Make Your Next Pastoral Hire a Good One

pastor-hiring-process

An open church position poses an opportunity for your ministry to move forward or go backward. Despite relentless interviews and prayer, you never really know which way it will go until the new person is in the role, off and running (or crawling, as the case may be).

How can you know if you are about to choose the right person?

For the past few months I’ve been leading a team looking for our church’s next Director of Children’s Ministry (if you know of anyone who would be good for us, let me know, or email them this link!). In the past, I’ve hired administrative assistants and a part-time ministry director – all who turned out great. But I’ve never led a nationwide search for a full-time ministry staff team member.

Needless to say, I’ve approached this process with a bit of fear and trepidation.

Here are some principles that I keep coming back to during this process. I’m trying to ride the balance of being sensitive to the Spirit’s leading without letting an over-spiritualized mindset trump common sense.

1. Eschew standards that are according to the flesh (2 Cor. 5:16). Did they go to a great seminary? Do they have the right credentials? Are they well-dressed or good looking? None of these characteristics mean they aren’t the right person – the one you hire might have them all – but they don’t mean they are the right person either. It is easy to let things like these to cloud your judgment. Are they driven by the gospel? Do they exude love for God and neighbor? Are they spiritually gifted for this role? Are they humble, yet tenacious for God’s kingdom? These are the kinds of things to keep your eye out for.

2. “Like an archer who wounds everyone is one who hires a passing fool or drunkard” (Proverbs 26:10). There will be collateral damage if you hire the wrong person, and that damage will be done to people. Obviously the proverb itself points to a horrible candidate, but the principle applies to the less than ideal candidate, too. Don’t assume that you can isolate a talented, but volatile, applicant from the rest of the ministry team, and just let them do their thing. Aim for someone who does their ministry well and blesses those they come into contact with.

3. Wisdom accompanies an abundance of counselors (Prov. 11:14; 12:15; 24:6). Don’t assemble a search team to reinforce preconceived opinions or soapboxes. Bring on folks who have different perspectives. They need to share values and vision and theology, but they also need to cover the blind spots of others, and not be afraid to speak up when they disagree. Whoever is leading the team should listen to everyone’s feedback on an applicant, and then share their thoughts last.

4. First who, then what. I got this from Jim Collins in Good to Great. He argues, with data, that great organizations get the “right people on the bus” (hire them), and then figure out where they should “sit on the bus” (what their job should be). This isn’t exactly easy when you are hiring for a “what” like a leading a specific ministry. But still, try to envision how this person fits on your team before, although not at the expense of, finding out if they have the skills for the role.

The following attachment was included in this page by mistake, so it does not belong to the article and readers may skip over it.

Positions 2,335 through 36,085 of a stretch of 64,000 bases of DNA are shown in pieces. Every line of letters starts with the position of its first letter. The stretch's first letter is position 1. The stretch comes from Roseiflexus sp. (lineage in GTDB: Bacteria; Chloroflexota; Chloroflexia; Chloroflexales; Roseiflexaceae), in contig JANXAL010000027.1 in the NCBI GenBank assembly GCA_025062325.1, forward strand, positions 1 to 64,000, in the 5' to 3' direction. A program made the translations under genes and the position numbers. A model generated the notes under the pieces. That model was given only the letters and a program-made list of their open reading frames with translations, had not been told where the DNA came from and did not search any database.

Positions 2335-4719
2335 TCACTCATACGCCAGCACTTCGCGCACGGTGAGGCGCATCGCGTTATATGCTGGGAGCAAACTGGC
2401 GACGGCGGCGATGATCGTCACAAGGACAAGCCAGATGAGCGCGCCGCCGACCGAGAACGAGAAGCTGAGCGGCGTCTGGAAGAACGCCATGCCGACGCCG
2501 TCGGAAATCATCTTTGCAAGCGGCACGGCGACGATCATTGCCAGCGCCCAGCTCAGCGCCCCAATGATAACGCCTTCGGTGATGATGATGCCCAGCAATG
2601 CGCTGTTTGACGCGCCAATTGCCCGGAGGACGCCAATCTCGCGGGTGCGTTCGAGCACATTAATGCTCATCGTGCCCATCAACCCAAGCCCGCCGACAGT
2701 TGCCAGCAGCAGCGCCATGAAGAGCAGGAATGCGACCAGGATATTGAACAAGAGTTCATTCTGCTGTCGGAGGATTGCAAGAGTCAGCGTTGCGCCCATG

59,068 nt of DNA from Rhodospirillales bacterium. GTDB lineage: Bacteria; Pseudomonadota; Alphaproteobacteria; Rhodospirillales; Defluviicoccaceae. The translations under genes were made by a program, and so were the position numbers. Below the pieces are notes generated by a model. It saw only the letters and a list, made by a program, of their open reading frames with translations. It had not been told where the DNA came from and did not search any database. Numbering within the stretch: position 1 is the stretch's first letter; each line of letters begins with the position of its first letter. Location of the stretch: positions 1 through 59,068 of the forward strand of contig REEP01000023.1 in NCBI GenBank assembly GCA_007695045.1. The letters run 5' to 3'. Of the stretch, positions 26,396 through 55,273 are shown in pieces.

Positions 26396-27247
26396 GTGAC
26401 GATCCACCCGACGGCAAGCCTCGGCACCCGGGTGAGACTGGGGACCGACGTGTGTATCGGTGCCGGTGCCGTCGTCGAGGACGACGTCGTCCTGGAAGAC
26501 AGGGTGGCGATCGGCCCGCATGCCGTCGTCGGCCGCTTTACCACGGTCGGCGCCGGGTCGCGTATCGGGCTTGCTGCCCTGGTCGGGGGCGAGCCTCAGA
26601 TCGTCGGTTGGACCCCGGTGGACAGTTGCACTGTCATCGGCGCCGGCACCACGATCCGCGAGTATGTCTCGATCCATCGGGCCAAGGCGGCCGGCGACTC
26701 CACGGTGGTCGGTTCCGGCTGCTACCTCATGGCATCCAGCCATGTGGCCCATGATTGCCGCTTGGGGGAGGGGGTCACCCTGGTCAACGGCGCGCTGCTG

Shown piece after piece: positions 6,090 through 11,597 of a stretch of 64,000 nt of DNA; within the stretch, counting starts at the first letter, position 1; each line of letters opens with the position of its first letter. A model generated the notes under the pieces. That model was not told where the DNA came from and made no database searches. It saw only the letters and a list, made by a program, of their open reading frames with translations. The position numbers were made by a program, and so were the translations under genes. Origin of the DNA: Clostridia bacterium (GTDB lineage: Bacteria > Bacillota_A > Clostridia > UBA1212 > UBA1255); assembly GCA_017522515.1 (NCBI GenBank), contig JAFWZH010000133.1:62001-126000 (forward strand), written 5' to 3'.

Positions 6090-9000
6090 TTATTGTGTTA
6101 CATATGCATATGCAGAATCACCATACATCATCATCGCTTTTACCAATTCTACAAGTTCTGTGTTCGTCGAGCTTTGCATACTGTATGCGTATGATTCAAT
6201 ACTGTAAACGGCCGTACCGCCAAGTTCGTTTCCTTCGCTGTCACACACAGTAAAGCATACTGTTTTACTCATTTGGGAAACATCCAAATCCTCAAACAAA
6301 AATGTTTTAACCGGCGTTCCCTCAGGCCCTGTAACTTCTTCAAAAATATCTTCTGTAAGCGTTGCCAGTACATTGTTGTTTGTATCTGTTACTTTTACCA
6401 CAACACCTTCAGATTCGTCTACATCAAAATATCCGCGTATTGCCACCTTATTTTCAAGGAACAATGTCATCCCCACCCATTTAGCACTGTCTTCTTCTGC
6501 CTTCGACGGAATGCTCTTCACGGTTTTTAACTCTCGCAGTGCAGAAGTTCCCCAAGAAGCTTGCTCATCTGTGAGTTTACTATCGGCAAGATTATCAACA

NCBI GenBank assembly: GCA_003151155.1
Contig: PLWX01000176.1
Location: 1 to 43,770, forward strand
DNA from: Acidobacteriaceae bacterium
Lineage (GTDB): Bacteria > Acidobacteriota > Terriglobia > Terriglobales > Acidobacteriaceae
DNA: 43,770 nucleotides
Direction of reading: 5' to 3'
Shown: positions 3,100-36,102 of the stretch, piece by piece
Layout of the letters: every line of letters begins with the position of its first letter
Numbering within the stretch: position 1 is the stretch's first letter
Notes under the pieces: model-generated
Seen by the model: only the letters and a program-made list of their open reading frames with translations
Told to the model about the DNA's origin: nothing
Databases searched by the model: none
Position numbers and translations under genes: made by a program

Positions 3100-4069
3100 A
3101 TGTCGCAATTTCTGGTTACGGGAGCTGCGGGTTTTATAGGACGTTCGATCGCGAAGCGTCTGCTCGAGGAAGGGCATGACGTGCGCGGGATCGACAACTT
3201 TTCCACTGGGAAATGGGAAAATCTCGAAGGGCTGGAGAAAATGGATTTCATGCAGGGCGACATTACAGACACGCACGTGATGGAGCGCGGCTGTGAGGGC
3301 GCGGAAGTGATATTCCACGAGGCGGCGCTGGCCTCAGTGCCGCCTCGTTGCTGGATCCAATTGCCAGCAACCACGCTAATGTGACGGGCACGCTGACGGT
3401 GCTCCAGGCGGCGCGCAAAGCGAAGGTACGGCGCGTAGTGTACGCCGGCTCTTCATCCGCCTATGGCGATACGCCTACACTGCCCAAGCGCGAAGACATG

5. Personality is important. Some may argue that when it comes to employing people, personality shouldn’t matter; whether or not they can do the job is all that is important. Isn’t it funny how sometimes personality is supposedly the most important thing, like in dating, but other times it’s the least important thing, like in hiring? The fact is, the person’s personality is very important. You hire a whole person, not just their skills, so make sure they are a good personality fit for your ministry staff and your church.

6. Hire for multiplication, not delegation. Delegation relies on a delegator, which doesn’t exactly lighten the load of the supervisor. Look for someone who can take the proverbial ball and run with it. A great hire is someone who works independently of their supervisor, but not independently of the church’s mission.

7. When in doubt, don’t hire. Thom Rainer mentioned in a recent podcast that churches tend to hire too fast and fire too slow, and I’ve felt the temptation to hire too fast. There have been a couple applicants whom our search team could have justified bringing to the next step, but we chose not to. We want to be really excited about the person we present to our church leadership and children’s ministry teachers.

8. Pray, pray, pray. Pray for wisdom, pray for patience, pray for God to be glorified, pray for the person who will eventually fill your role, pray for your church to embrace the new person when they come. And then rest in God’s sovereignty.

(Image credit)

Comments

  1. Charles Herbst says:

    Having served on Personnel Committees and chairing search committees in churches over the years, I certainly agree with #3 Wisdom accompanies an abundance of counselors. Different perspectives often follow gender and age. I frequently see committees composed of all Millennial or younger. Bad mistake! The committee should include a representative of all age groups, both sexes, singles as well as married, and different ethnicities to represent all perspectives. In addition counselors should include the references the committee contacts realizing all listed on the resume will be positive. This means you inquire about secondary or tertiary contacts to get unbiased informationfrom other churches. I have seen too many hires where this was not done and the person was unqualified, incompetent, lazy, immoral, or (heaven forbid) a pedophile. Your committee has an important task to bring the right recommendation God wants for your congregation. May you complete your task well.

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